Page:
“She was nervous at first,” Schlaefer said. “But she’s super glad now. She’s really enjoying it.”

Groehler hopes to add a math lab, or similar program, for first grade students yet this year.

St. Vincent de Paul also has a reading paraprofessional, Sue Sutko, who works with students who have fallen behind phonetically and students with dyslexia or other learning differences. Sutko uses the Orton-Gillingham multisensory method to overcome issues with phonetics, decoding phrases or blending sounds together.

In addition to increasing its support staff, St. Vincent de Paul has added its version of the “Top 20” program, called “The Royal Way.” A social/emotional program, The Royal Way is a daily lesson focusing on behaviors and concepts related to interacting with others, overcoming mistakes and learning to take risks.

“It launched this year, and we’re already seeing an improvement,” Simon said. “The kids are using the language.”

A program for students, parents and staff, the Royal Way is incorporated by Olson into issues that arise in his classroom.

“If two people are having a problem, I might remind them to ‘honor the absent’ if they’re talking unkindly about someone,” Olson said. “It’s a quick phrase to convey a lot [of meaning].”

And its effect is extending beyond the classroom. Greg Schlaefer said he is hearing the language at home when his children are working through an argument. His youngest daughter, Isabel, recently used concepts learned through The Royal Way to solve the problem of inadequate seating at lunch. A lunch room volunteer recently told Schlaefer that instead of leaving others out, Isabel and her friends split their group in half to include everyone, without an adult interceding.

“We have an extremely strong community here,” Simon said. “It’s much more than students and teachers; it’s the parish community that’s extremely strong.”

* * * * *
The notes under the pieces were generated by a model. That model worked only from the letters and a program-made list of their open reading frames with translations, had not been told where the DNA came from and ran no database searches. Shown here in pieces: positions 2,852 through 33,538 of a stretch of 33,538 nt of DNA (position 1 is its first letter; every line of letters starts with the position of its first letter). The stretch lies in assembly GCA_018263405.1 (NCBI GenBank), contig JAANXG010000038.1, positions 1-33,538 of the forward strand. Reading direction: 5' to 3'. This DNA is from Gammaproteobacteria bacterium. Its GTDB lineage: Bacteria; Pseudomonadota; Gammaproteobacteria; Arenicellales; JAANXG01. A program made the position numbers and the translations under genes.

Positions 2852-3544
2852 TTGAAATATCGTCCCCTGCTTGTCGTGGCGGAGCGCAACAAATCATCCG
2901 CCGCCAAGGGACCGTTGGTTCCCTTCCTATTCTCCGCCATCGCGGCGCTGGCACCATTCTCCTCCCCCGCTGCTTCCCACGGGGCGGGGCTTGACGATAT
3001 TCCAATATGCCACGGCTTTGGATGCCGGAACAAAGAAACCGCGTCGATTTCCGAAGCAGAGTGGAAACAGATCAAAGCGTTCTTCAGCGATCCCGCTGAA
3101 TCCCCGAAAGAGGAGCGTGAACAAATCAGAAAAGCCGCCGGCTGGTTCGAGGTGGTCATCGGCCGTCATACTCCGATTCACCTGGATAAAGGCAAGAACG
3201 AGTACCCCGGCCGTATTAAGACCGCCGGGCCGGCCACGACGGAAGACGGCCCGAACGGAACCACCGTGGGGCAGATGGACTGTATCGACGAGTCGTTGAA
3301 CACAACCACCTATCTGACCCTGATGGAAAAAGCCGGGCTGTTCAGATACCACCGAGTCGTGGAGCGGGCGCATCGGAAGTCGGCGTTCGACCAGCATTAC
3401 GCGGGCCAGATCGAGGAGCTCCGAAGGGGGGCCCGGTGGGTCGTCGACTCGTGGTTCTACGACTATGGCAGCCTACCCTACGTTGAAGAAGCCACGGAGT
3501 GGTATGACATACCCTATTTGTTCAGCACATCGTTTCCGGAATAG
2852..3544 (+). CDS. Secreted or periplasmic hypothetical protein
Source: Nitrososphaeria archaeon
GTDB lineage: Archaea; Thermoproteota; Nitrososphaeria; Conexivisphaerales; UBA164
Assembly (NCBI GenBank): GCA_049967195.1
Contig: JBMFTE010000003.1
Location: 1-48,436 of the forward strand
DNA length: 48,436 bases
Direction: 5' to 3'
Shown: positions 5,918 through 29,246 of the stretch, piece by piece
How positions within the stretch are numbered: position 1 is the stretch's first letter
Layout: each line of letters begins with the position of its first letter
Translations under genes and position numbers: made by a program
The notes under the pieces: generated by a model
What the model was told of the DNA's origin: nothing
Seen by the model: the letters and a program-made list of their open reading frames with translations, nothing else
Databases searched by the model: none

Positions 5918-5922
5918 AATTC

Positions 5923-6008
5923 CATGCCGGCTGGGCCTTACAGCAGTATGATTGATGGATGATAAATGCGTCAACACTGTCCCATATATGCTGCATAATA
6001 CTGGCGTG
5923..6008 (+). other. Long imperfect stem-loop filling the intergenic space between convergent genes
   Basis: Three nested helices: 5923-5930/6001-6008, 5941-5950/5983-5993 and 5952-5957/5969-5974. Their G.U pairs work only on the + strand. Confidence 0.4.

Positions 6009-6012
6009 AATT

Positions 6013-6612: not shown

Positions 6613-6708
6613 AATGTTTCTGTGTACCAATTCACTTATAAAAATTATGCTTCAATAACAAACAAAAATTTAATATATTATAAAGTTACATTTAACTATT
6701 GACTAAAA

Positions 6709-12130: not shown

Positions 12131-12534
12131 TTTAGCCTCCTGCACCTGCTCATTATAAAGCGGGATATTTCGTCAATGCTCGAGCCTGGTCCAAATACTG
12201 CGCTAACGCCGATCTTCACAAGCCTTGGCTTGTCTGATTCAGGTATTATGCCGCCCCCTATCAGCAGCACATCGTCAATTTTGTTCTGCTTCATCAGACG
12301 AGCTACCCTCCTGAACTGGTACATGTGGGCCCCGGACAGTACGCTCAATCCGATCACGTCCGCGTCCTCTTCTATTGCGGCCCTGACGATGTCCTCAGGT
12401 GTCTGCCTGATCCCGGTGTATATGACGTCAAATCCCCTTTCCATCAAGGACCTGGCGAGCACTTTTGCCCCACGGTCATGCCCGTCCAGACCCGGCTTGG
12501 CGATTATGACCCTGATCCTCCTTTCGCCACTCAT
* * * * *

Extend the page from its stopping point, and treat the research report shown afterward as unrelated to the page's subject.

“Parents are seeking us out,” Principal Lisa Simon said when discussing the feedback she’s received from new parents. “They’re looking for an alternative environment that embraces and nurtures their child’s development.”


Sharing the faith

At school, a weekly Mass is held on Wednesday, but most families also attend Sunday Mass.

“We know a lot of the families [at Mass], so when I’m at church, it feels like home,” Zehr said.

The communal feeling extends beyond Sunday morning. During faith formation classes, Greg Schlaefer said the dads host a basketball league. Once students graduate from St. Vincent de Paul, though they attend different high schools the families all come back for Sunday Mass.

“We find reasons to stay together, instead of ways to grow apart,” Schlaefer said.

“We are all one SVDP community,” Simon said. “We share physical space, resources, programming and community. Many

of our school families belong to the parish. We pray for each other. We worship together. We support common service outreach experiences. We have staff members who work both in the parish and school. It’s truly wonderful.”

Father Dennis Zehren is pastor at St. Vincent de Paul Church, adjacent to the school.

“Our school continually breathes new life into the parish and gives people reason to hope and reason to rejoice,” he said. “The students also remind us of some of the most central lessons of spirituality — if we want to grow in our faith, we have to share it with others. The best way to deepen our understanding of the ways of God is to teach them to others. If we want more love in our lives, we must reach out in love to others.”

The staff credits the students for uplifting their spirits. When days get tough, Father Zehren, Simon and Olson need only to look at the students to have their day brightened.

“The students infuse a lot of joy into my spirit and preaching,” Father Zehren said. “There are times when I need to prepare a homily, but my spirit feels heavy or dry. Then I walk through the halls of the school or have lunch with the students in the cafeteria, and it has a renewing effect.”

“There’s nothing better than… walking to a classroom and seeing all the lightness and brilliance of these kids,” Simon said.

“The students are so full of joy; they brighten my day,” Olson said. “In the summer, without the students, it’s not the same; they bring vitality. It’s what it is all about — it’s about the kids.”


It’s about the kids!